Every 20 minutes of device use, take a 20 second break and look at something 20 feet away.  This will reduce the amount of digital eye strain you experience.

Since we are not going to give up our devices, it’s time to take a more active role in maintaining our eye health.  Because wide scale exposure to this particular wavelength is so new, we really have no idea what the long term consequences to our eye health will be.  For these reasons, we need to use some common sense and make changes where we can.  The Vision Council’s website has a number of recommendations to help us ease the strain on our eyes.  Click here to read more about digital eye strain and what you can do to combat it.

The Future of Athletic Hydration

We’ve seen the commercials.  The official history of Gatorade starts out like this:

In early summer of 1965, a University of Florida assistant coach sat down with a team of university physicians and asked them to determine why so many of his players were being affected by heat and heat related illnesses.

The researchers — Dr. Robert Cade, Dr. Dana Shires, Dr. H. James Free and Dr. Alejandro de Quesada — soon discovered two key factors that were causing the Gator players to ‘wilt’: the fluids and electrolytes the players lost through sweat were not being replaced, and the large amounts of carbohydrates the players’ bodies used for energy were not being replenished.

The researchers then took their findings into the lab, and scientifically formulated a new, precisely balanced carbohydrate-electrolyte beverage that would adequately replace the key components lost by Gator players through sweating and exercise. They called their concoction ‘Gatorade’.

That’s history.  Since the advent of Gatorade, scientist have worked and tinkered with the various formulas to improve hydration but there really has not been anything ground breaking … until now…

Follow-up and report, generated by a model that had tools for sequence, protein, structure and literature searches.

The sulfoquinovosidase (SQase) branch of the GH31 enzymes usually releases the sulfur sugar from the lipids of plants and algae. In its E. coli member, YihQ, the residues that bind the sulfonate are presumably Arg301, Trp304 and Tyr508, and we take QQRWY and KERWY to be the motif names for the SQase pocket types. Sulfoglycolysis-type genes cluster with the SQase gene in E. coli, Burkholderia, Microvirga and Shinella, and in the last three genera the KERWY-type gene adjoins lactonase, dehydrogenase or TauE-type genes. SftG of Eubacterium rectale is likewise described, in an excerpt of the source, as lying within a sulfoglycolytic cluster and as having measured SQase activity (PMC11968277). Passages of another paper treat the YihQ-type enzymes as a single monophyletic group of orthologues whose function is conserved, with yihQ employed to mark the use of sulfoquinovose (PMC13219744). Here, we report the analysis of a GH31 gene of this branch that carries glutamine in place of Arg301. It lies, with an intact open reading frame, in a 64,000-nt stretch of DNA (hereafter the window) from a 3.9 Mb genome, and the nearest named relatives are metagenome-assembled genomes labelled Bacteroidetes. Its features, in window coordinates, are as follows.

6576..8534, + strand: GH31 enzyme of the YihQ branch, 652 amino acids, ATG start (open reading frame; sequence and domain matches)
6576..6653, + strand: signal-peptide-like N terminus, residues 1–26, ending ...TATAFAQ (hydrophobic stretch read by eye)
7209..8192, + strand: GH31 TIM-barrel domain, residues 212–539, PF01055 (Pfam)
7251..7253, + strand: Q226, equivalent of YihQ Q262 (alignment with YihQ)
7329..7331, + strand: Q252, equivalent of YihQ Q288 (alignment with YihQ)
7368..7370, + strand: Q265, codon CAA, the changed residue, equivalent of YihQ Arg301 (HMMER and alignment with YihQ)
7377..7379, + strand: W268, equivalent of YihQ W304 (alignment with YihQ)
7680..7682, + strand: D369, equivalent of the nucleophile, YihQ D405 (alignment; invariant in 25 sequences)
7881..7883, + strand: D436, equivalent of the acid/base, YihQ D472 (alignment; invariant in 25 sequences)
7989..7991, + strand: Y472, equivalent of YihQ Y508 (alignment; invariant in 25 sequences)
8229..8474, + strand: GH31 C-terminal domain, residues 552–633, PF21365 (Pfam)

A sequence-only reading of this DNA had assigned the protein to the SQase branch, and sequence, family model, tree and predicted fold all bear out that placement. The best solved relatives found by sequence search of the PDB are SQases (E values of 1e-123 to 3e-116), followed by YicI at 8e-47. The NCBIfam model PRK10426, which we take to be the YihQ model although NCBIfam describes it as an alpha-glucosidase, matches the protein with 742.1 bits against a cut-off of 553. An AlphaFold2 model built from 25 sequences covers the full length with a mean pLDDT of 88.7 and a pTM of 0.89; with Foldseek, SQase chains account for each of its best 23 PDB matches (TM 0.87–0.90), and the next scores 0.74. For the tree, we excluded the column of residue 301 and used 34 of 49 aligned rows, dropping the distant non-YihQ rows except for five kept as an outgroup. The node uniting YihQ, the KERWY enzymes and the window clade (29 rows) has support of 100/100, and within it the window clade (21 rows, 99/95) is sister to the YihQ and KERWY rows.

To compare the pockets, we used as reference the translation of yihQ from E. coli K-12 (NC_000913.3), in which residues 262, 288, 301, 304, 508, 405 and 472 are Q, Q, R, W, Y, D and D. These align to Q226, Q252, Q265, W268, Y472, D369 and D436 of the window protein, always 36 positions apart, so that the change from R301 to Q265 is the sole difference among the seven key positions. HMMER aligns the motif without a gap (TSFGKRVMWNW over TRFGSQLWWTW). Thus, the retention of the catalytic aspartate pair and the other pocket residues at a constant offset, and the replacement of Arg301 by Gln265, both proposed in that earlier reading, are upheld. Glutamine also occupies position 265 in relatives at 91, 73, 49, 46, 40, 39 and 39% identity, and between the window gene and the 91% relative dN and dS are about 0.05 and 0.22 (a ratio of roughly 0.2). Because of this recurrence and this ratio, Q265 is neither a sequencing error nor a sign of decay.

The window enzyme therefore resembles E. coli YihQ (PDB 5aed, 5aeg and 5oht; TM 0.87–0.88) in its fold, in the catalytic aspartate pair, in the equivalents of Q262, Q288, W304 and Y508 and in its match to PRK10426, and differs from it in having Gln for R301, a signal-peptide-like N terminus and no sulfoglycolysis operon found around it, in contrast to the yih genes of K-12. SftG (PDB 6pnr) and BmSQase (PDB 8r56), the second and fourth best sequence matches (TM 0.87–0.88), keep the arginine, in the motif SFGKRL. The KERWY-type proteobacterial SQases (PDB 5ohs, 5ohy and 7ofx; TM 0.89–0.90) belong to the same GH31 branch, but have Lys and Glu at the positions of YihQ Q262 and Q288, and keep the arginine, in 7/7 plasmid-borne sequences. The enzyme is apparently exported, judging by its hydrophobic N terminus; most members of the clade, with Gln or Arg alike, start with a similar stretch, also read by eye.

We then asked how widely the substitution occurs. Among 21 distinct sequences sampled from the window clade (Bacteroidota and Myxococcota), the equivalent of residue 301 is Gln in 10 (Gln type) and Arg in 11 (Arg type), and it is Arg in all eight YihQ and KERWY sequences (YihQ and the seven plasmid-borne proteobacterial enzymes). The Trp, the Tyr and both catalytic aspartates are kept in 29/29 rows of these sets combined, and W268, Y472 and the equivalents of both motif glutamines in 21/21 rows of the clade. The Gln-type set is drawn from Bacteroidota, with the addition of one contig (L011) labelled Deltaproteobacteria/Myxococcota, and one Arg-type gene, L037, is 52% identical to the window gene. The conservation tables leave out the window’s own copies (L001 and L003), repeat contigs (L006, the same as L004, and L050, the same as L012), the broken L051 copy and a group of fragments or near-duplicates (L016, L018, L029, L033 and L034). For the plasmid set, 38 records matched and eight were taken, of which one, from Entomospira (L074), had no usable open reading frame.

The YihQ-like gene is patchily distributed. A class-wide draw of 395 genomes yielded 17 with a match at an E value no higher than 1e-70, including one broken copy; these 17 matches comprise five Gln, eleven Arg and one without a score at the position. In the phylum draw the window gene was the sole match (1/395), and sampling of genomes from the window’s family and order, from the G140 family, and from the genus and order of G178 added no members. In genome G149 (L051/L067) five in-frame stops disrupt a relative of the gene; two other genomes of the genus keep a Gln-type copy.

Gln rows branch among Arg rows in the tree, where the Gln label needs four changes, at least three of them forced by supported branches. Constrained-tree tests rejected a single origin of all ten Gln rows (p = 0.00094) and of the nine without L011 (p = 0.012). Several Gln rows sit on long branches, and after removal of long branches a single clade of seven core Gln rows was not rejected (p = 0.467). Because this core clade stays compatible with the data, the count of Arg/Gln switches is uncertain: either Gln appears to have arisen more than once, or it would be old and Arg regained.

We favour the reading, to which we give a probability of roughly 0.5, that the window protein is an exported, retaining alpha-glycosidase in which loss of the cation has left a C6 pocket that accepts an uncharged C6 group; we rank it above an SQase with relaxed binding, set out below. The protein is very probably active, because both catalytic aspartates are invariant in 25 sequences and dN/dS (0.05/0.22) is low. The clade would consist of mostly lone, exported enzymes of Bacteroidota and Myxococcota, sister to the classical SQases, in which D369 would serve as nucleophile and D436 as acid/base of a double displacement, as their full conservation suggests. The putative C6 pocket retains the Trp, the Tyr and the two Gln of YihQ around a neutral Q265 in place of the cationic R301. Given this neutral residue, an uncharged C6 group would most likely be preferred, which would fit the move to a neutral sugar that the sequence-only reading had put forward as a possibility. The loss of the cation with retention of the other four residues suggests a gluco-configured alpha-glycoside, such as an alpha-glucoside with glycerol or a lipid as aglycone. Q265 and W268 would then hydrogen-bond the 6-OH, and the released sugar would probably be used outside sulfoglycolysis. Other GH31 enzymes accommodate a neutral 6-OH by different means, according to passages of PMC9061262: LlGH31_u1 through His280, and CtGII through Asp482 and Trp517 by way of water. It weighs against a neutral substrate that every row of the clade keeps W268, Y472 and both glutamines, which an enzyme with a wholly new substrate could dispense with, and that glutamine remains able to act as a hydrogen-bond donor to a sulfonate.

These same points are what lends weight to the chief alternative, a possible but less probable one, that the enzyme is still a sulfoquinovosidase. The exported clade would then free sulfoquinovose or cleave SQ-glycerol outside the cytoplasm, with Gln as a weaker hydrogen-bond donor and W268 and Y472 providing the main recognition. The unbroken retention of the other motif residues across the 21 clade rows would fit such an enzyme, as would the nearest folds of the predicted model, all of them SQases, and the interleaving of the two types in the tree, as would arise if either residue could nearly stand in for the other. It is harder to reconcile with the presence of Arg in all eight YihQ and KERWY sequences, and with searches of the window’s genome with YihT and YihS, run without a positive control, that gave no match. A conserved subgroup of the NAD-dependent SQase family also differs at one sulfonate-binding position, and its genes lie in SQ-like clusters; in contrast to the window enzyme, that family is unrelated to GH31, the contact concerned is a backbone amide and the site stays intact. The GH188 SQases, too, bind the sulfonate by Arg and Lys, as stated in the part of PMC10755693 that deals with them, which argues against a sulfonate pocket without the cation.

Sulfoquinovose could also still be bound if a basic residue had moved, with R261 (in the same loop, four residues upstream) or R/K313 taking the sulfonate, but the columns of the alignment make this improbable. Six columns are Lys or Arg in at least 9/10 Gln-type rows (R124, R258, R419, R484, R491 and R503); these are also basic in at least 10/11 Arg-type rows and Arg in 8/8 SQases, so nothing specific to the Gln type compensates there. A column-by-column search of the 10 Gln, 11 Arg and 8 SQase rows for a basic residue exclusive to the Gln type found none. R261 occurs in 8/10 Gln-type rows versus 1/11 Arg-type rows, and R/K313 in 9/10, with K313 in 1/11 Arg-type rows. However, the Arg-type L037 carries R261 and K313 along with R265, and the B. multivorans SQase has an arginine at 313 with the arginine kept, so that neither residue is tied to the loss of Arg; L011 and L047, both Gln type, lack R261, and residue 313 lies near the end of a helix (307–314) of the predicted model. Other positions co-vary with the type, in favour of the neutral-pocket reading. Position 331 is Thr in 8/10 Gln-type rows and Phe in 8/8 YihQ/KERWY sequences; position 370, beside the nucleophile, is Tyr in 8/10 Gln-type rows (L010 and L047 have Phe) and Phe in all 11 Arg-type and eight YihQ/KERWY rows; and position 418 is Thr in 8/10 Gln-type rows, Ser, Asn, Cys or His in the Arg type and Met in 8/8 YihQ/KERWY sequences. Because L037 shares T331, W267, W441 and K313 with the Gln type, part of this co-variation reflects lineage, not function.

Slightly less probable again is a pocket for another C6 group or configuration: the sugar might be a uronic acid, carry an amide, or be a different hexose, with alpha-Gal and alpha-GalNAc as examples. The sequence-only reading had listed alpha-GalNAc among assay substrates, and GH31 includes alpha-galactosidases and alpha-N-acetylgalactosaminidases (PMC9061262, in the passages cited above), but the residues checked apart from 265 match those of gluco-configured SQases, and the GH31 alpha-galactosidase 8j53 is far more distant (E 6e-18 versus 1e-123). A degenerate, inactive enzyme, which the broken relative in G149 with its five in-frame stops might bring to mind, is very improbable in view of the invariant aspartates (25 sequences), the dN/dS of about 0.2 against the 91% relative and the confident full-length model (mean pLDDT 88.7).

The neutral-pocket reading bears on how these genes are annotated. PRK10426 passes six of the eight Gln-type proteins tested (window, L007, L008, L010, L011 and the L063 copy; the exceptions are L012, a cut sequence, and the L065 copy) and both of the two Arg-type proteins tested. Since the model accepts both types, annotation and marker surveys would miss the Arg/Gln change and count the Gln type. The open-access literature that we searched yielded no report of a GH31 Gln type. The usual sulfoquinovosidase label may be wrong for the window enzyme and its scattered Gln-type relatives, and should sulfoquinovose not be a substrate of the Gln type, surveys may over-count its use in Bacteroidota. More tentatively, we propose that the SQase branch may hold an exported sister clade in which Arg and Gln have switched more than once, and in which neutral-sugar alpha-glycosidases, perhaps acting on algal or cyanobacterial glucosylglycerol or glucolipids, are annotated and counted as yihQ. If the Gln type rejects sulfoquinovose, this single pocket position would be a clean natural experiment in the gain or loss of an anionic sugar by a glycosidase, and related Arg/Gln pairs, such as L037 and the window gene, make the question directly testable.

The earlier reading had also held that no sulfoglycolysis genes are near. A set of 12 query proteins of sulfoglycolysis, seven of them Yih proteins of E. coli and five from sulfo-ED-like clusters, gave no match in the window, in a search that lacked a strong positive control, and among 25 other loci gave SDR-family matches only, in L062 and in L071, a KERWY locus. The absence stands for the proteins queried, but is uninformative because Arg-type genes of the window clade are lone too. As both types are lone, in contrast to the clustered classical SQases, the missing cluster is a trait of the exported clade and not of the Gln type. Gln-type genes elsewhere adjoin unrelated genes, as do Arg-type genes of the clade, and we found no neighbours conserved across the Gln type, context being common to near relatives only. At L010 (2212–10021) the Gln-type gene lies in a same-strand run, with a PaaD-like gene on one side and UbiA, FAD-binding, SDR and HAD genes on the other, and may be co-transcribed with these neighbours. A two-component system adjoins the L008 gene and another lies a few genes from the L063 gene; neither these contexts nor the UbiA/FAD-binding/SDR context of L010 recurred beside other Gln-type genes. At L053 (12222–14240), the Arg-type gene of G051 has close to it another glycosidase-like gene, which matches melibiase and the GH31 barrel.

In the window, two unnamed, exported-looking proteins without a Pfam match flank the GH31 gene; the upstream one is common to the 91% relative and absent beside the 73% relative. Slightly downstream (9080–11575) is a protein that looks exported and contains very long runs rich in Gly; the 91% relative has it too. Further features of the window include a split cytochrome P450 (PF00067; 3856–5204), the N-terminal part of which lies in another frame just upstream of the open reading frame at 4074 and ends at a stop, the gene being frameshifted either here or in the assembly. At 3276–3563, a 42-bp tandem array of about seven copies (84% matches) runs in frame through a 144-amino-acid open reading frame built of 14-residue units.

The future of athletic hydration is in for a huge upgrade!

In Fast Company, Gatorade explains its vision for:

  • monitoring athletes during workouts
  • real-time sweat analysis to determine electrolytes lost
  • a water bottle that guides athletes to optimal hydration

All in real-time.  Coolest. Thing. Ever!

Add to that: the future is being tested NOW!  Beta testing on a skin monitor that transmits sweat composition and sweat loss to a tablet on the sidelines that links with a bottle insert specific to each athlete means at every water break, an athlete gets real-time information on how much they need to be drinking and what, if any, electrolytes should be added to optimize their performance.

Currently, this system is being tested by a number of top high school, college, and pro teams from a variety of sports with plans to make the basic versions of these services available to the public sometime in 2016.  Exciting times! This could be just the game changer we’ve been looking for!

For more information on Gatorade’s plans, click here to read the Fast Company article!

Childbirth Injuries and the Female Athlete

Childbirth - one of the most natural things a female can do, right?  Well…maybe from a species perspective but women having experienced it may tell a different tale.  Since roughly half of the population is born having this capability, one would think the body has evolved in ways that allow the female anatomy to return to normal after having a baby but that isn’t always the case.

According to a study from the University of Michigan, 15% of women experience pelvic injuries that do not heal during childbirth.  If that isn’t bad enough, it may take 8 months or longer for women to fully recovery from having a baby.  What!!?? That is significantly longer than the 6,8,or even 12 weeks women may give themselves before they feel they should be “back to normal”.

Now that we have these figures out on the table, let’s think about what female athlete expects from herself.  How many new moms return to training asap after having their baby?  Female recreational athlete participation is at an all time high and many of those women are hitting the gym not only to slim down after pregnancy but also to harness the power of healthy stress management during a stressful transition time in their lives.

A large number of these mom athletes are training under the additional burden of nagging injuries that, unless they have a great relationship with their medical provider, may be too embarrassing or too seemingly “normal” to think to address.  Pelvic pain, bladder leakage, back pain, and loss of balance can leave female athletes frustrated, especially when their medical providers have told them they are health and ready to return to normal activity.

It seems to me this is one of those cases where knowledge is power.  If female athletes understand the magnitude of what their bodies are going through during childbirth, understand the likelihood of injuries, and have a realistic idea of the timeline for healing, they may be less likely to struggle through their injuries without asking for the help they need.